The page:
But ‘Safe Harbor’ Loophole Dangerously Undermines Other Portions of the Proposal

St. Paul – (March 26, 2015) Today the Consumer Financial Protection Bureau (CFPB) held a field hearing on payday lending in Richmond, Virginia. At the hearing, Director Richard Cordray unveiled a new proposal to regulate the predatory payday lending industry. A coalition of Minnesota faith, consumer, and community groups, including ISAIAH, released this statement about the content of the CFPB’s proposal:

“This proposal takes a major step toward protecting families and their hard-earned money.  The payday lending industry has shown blatant disregard for common sense practices, including basic underwriting. This proposal would make clear that payday lenders are accountable to the same standards as all other lenders.  And it shows that our government can and should ensure that everyday Americans have access to good credit, rather than allowing families to be mired in an endless cycle of debt.”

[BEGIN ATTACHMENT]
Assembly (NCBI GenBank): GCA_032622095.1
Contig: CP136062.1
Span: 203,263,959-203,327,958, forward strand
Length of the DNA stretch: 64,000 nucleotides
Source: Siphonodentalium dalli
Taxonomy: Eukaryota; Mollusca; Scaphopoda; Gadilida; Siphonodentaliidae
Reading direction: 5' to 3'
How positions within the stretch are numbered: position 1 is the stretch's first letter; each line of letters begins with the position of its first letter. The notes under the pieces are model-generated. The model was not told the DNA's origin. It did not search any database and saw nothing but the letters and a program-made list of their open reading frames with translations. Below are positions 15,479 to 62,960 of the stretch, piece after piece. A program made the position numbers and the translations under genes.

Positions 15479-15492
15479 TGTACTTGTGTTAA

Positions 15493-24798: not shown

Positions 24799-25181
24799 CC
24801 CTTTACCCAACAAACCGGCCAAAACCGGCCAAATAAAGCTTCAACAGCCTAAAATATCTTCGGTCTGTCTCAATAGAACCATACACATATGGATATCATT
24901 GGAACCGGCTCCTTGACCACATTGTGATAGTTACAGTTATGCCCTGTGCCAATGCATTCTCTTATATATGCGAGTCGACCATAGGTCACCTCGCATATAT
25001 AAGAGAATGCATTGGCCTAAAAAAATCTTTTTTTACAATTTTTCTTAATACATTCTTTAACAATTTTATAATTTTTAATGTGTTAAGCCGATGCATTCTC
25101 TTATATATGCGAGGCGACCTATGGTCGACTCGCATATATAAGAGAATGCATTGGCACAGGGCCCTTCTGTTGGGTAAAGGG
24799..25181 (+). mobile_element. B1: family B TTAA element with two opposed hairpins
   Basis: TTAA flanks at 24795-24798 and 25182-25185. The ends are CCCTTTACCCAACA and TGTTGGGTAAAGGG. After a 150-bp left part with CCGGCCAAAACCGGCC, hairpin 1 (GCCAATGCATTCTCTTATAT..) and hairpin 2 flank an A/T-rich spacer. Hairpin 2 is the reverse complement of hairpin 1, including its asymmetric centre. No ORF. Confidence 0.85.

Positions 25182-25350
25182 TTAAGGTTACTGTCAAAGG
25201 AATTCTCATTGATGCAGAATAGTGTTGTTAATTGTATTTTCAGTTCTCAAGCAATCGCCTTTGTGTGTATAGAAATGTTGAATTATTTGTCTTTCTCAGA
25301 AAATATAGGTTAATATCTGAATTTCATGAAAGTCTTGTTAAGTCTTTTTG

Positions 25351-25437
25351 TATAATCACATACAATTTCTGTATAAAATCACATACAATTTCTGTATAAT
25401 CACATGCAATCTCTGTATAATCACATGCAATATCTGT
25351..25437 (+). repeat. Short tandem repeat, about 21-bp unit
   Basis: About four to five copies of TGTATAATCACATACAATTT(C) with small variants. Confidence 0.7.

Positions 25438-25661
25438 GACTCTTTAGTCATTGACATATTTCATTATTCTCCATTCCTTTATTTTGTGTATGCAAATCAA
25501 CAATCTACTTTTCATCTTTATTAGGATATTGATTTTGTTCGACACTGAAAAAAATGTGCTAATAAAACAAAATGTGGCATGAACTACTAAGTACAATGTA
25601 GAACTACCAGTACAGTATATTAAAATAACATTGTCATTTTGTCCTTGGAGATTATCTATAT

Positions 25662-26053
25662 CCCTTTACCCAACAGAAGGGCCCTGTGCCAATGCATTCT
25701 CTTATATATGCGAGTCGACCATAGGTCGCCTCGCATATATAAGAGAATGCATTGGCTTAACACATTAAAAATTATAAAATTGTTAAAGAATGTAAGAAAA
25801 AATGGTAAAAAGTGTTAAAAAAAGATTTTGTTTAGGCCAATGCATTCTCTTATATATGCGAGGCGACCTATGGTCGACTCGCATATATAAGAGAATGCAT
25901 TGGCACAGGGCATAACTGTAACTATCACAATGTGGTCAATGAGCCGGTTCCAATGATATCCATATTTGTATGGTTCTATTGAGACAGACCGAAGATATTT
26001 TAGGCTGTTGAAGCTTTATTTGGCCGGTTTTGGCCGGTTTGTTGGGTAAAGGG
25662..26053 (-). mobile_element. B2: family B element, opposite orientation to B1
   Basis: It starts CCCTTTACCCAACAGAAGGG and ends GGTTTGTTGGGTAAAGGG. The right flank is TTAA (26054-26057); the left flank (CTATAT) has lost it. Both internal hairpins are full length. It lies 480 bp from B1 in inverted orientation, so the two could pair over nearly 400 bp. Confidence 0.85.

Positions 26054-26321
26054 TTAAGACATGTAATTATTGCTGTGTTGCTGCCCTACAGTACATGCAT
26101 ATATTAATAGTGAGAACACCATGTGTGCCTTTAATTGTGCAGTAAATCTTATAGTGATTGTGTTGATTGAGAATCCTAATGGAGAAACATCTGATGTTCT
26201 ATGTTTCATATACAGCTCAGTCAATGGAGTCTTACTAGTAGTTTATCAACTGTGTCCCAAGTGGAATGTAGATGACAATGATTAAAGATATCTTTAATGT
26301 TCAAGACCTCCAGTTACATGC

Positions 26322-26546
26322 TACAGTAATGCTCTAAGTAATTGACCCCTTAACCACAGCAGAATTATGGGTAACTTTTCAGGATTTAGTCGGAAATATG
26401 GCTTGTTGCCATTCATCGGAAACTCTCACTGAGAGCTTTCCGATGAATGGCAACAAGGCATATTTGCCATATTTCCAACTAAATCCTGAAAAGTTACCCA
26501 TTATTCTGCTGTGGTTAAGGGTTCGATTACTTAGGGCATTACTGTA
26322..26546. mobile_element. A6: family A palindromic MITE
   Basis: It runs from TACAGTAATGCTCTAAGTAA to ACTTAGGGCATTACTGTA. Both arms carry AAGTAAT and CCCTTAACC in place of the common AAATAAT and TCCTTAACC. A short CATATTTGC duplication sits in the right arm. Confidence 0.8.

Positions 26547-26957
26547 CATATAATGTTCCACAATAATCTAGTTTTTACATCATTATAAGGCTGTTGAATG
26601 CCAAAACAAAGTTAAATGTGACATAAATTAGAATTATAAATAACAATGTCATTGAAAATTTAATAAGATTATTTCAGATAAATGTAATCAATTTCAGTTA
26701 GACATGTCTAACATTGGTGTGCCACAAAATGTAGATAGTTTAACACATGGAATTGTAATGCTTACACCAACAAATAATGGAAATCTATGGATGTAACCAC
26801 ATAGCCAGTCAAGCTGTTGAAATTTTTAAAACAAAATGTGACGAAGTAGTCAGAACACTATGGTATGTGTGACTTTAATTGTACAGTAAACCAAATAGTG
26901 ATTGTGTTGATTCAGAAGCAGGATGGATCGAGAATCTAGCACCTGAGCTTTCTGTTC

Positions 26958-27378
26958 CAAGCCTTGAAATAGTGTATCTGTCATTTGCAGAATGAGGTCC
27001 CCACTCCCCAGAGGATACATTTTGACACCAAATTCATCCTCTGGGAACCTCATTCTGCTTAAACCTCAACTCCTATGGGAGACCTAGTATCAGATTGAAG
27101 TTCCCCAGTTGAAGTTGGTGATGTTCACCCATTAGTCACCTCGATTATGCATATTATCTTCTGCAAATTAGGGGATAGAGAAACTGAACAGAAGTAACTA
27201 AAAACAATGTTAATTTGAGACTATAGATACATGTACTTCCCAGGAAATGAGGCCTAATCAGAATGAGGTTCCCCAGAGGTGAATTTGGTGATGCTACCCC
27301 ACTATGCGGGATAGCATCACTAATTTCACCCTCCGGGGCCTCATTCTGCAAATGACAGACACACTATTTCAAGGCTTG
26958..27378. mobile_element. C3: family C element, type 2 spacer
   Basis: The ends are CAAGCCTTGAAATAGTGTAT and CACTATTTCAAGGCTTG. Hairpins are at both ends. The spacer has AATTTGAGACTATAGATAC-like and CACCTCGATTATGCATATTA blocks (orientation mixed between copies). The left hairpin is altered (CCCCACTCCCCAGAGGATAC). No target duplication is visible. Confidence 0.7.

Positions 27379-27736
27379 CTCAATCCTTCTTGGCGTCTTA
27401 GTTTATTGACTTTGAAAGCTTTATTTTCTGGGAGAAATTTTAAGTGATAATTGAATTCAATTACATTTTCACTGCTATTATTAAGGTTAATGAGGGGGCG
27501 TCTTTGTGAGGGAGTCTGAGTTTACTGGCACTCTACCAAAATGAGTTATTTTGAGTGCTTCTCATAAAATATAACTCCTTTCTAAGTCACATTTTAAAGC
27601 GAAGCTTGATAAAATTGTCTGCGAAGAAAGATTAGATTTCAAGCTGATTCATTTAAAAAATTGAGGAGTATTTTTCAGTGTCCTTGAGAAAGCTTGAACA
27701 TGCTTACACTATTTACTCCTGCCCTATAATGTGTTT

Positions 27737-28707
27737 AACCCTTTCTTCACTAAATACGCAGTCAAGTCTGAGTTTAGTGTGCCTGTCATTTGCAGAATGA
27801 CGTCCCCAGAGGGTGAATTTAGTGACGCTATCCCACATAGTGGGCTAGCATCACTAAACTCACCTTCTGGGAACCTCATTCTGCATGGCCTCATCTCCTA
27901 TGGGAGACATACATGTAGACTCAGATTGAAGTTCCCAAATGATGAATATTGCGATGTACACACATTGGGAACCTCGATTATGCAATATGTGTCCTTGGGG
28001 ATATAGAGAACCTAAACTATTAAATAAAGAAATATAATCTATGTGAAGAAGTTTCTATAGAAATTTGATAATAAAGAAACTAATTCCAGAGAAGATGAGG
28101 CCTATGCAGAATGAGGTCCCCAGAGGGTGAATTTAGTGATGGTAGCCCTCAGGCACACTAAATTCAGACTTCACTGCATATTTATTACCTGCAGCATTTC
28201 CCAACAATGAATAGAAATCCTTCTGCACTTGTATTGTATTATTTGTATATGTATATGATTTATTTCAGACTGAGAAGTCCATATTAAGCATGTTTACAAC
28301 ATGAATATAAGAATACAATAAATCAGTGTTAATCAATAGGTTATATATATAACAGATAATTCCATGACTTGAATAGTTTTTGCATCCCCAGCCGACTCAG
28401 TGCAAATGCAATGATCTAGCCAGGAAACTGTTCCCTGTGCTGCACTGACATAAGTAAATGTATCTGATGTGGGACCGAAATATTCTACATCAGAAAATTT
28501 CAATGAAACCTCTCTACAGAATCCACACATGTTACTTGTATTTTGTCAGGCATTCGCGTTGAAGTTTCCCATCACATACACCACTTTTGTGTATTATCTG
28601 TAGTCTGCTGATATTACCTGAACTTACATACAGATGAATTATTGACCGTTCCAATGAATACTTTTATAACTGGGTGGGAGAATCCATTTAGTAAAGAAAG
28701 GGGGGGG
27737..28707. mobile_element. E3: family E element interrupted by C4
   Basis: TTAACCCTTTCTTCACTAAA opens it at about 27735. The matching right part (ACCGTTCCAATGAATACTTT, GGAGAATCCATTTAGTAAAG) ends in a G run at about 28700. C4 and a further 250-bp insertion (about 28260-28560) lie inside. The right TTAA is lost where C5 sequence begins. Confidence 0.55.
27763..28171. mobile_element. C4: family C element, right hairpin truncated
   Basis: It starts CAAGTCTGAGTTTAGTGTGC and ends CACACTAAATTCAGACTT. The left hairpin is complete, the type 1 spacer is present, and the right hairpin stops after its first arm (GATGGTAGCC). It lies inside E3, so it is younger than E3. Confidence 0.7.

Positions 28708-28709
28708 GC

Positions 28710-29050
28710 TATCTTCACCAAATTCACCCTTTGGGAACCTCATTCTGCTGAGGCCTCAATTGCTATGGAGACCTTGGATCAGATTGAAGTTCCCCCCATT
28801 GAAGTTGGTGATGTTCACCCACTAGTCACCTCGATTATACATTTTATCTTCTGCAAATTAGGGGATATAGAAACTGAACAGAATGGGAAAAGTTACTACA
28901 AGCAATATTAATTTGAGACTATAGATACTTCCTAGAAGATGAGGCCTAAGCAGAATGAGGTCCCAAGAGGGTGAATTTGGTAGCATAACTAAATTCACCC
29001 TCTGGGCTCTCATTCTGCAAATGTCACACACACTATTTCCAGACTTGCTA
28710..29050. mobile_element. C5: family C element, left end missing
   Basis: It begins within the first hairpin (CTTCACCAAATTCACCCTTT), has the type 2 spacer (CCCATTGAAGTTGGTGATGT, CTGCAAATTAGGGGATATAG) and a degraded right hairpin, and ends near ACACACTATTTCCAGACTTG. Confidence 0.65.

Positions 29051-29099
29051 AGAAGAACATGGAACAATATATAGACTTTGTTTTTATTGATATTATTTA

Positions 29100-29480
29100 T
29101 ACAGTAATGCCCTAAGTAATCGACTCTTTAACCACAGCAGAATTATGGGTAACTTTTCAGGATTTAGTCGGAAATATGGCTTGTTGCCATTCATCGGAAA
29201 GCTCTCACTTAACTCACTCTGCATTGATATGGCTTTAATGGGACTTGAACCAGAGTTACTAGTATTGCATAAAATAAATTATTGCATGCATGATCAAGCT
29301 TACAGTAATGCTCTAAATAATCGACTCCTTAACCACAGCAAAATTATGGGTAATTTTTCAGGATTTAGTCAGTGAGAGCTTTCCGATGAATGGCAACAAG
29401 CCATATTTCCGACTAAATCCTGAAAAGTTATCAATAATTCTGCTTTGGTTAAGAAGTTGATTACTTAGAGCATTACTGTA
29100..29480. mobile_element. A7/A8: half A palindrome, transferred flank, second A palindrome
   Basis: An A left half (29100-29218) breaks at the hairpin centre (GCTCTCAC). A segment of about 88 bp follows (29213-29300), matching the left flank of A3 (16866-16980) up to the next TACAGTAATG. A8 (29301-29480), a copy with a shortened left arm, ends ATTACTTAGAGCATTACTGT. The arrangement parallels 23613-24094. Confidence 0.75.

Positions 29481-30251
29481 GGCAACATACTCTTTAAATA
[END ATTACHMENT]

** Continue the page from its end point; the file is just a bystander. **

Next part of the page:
“This first look at the CFPB’s rules is an opportunity to help organize our communities around payday lending reforms that protect people against poorly underwritten loans, sanctioned repeat refinancing and triple-digit interest rates.”

“Whether you are middle class, poor,  or somewhere in between, nobody should ever have to face the immorality of systemic misery created on the backs of America’s families. Exploiting the working poor with payday lending is an egregious practice that goes against God’s word to help the poor, instead puting a chokehold on some of Minnesota’s most vulnerable families.”

“Although the first half of this proposal shows the invaluable role the CFPB can play in protecting communities, the ‘Safe Harbor’ loophole in the second portion of the proposal reveals what’s at stake when they fail to stand strong.”

“The average payday lender in Minnesota charges on average 273% in annualized interest. Frequently, we see these high-cost loans set as a trap for working families, seniors, low-wage workers, and veterans. The average payday loan borrower is still paying off debt six months after taking out her first payday loan. More than half of all payday loans get renewed or rolled over so many times that the borrower repays twice the amount of the principal. All too often, a borrower’s credit is left in ruins. These loans lead to poverty and undermine the economic independence of Minnesota households. They are a scourge on our community.”